In fact, they are to view themselves as being lumped in with the heroes of faith because that other reference to “ill-treated” is actually back in Hebrews chapter 11. Do you remember when he is reciting through the virtues of the heroes of the faith, Paul—the author of Hebrews says . . . I’ve been talking about Paul; I’m not suggesting Paul wrote Hebrews. The author of Hebrews says in verse 35,
35 Women received back their dead by resurrection; and others were tortured, not accepting their release [talking about prisoners], so that they might obtain a better resurrection;
36 and others experienced mockings and scourgings, yes, also chains and imprisonment.
37 They were stoned, they were sawn in two, they were tempted, they were put to death with the sword; they went about in sheepskins, in goatskins, being destitute, afflicted, ill-treated [there’s our phrase: ill-treated]
38 (men of whom the world was not worthy), wandering in deserts and mountains and caves and holes in the ground. (Heb. 11:35–38 NASB)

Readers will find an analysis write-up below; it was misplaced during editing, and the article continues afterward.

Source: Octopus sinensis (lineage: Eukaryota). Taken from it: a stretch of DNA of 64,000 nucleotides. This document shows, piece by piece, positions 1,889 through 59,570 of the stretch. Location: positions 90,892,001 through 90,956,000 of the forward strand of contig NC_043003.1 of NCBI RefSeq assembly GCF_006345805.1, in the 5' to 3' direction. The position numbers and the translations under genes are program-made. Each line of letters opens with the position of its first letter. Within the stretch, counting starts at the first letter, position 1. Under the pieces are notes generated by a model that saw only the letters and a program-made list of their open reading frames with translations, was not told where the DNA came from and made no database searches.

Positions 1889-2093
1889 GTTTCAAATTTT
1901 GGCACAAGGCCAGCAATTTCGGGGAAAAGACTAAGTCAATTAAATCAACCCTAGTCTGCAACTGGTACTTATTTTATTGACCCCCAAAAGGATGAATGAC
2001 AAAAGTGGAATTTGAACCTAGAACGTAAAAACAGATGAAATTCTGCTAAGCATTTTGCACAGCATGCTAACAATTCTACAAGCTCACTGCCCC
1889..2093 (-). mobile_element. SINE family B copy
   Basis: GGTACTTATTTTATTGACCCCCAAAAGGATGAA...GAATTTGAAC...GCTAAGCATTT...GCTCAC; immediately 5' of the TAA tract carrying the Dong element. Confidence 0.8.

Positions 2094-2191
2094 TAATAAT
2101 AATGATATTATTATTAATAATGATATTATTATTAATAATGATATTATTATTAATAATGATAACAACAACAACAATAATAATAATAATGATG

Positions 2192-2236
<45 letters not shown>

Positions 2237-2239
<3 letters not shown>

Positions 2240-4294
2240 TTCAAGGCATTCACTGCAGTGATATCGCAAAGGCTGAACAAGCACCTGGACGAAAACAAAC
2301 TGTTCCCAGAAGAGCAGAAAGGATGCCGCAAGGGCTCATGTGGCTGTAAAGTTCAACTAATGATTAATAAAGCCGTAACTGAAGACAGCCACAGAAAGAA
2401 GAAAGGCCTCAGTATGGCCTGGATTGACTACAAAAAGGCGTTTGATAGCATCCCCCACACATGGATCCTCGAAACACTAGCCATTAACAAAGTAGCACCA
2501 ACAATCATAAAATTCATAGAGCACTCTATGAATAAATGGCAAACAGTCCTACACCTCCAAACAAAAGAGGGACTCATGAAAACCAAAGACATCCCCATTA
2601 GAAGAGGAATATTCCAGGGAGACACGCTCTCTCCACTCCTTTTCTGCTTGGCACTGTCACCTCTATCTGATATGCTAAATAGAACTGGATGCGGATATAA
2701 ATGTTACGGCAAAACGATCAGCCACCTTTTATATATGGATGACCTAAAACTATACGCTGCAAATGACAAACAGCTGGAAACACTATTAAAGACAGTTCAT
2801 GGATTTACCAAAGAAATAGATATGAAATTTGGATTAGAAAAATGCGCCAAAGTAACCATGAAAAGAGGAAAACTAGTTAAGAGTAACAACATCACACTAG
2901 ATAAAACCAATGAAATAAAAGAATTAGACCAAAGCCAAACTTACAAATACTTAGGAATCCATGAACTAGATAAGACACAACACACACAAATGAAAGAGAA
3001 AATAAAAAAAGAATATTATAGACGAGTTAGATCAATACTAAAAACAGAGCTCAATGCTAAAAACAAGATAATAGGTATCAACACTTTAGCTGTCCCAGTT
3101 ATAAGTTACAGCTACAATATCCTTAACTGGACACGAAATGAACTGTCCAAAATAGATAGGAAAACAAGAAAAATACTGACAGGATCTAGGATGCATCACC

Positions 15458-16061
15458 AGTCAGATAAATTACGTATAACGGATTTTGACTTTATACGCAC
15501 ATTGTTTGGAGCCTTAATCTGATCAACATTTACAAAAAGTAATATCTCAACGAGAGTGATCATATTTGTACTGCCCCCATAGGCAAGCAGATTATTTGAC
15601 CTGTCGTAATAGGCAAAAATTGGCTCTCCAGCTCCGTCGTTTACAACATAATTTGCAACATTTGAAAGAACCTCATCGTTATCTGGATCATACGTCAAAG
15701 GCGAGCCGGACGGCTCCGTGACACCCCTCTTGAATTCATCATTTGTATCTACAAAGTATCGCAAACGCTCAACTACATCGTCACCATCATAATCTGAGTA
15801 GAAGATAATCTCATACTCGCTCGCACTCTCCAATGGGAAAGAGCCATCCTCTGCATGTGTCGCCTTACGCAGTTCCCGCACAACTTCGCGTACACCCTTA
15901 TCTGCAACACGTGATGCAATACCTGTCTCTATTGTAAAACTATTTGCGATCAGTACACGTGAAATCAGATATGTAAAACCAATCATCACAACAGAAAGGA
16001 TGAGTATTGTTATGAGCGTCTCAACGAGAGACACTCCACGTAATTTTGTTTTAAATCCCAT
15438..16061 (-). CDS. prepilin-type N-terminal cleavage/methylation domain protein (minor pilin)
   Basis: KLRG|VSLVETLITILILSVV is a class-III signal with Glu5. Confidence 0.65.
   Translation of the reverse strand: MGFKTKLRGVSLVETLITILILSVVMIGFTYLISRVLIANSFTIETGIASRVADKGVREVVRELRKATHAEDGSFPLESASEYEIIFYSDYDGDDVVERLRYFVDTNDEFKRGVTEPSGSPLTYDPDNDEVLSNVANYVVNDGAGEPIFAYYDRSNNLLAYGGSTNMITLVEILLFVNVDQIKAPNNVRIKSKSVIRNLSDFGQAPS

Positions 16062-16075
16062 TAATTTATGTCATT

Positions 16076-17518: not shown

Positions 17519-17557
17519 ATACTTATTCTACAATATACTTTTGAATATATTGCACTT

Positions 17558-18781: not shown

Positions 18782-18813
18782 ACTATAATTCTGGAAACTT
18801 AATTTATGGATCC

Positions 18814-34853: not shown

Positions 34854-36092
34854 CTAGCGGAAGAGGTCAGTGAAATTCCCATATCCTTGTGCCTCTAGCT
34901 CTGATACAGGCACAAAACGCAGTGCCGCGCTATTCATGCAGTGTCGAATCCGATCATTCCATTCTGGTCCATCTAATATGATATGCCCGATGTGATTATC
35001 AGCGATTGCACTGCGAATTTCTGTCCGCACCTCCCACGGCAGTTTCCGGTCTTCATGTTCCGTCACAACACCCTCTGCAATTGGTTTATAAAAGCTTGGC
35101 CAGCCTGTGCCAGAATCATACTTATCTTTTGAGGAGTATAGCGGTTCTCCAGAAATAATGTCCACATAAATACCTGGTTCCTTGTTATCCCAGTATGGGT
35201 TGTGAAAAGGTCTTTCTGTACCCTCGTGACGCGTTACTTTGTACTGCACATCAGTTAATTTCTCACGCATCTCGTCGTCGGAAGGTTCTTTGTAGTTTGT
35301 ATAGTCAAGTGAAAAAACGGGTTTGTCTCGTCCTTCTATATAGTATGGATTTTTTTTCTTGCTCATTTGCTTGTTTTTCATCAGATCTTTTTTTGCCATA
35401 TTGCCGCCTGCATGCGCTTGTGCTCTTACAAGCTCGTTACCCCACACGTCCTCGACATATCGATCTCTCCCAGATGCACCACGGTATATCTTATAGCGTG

They were ill-treated. And the reference here to ill-treated in chapter 13 should remind the readers of this Epistle that when they are ill-treated for the sake of the truth, they are in good company. They are with those like at the end of chapter 11 who were ill-treated. And the author says, “Those were men and women of whom this world is not worthy.” So if you have received ill treatment for the sake of the truth, count yourself in that number, among the men and women of whom this world is not worthy. And we are to remember them as well.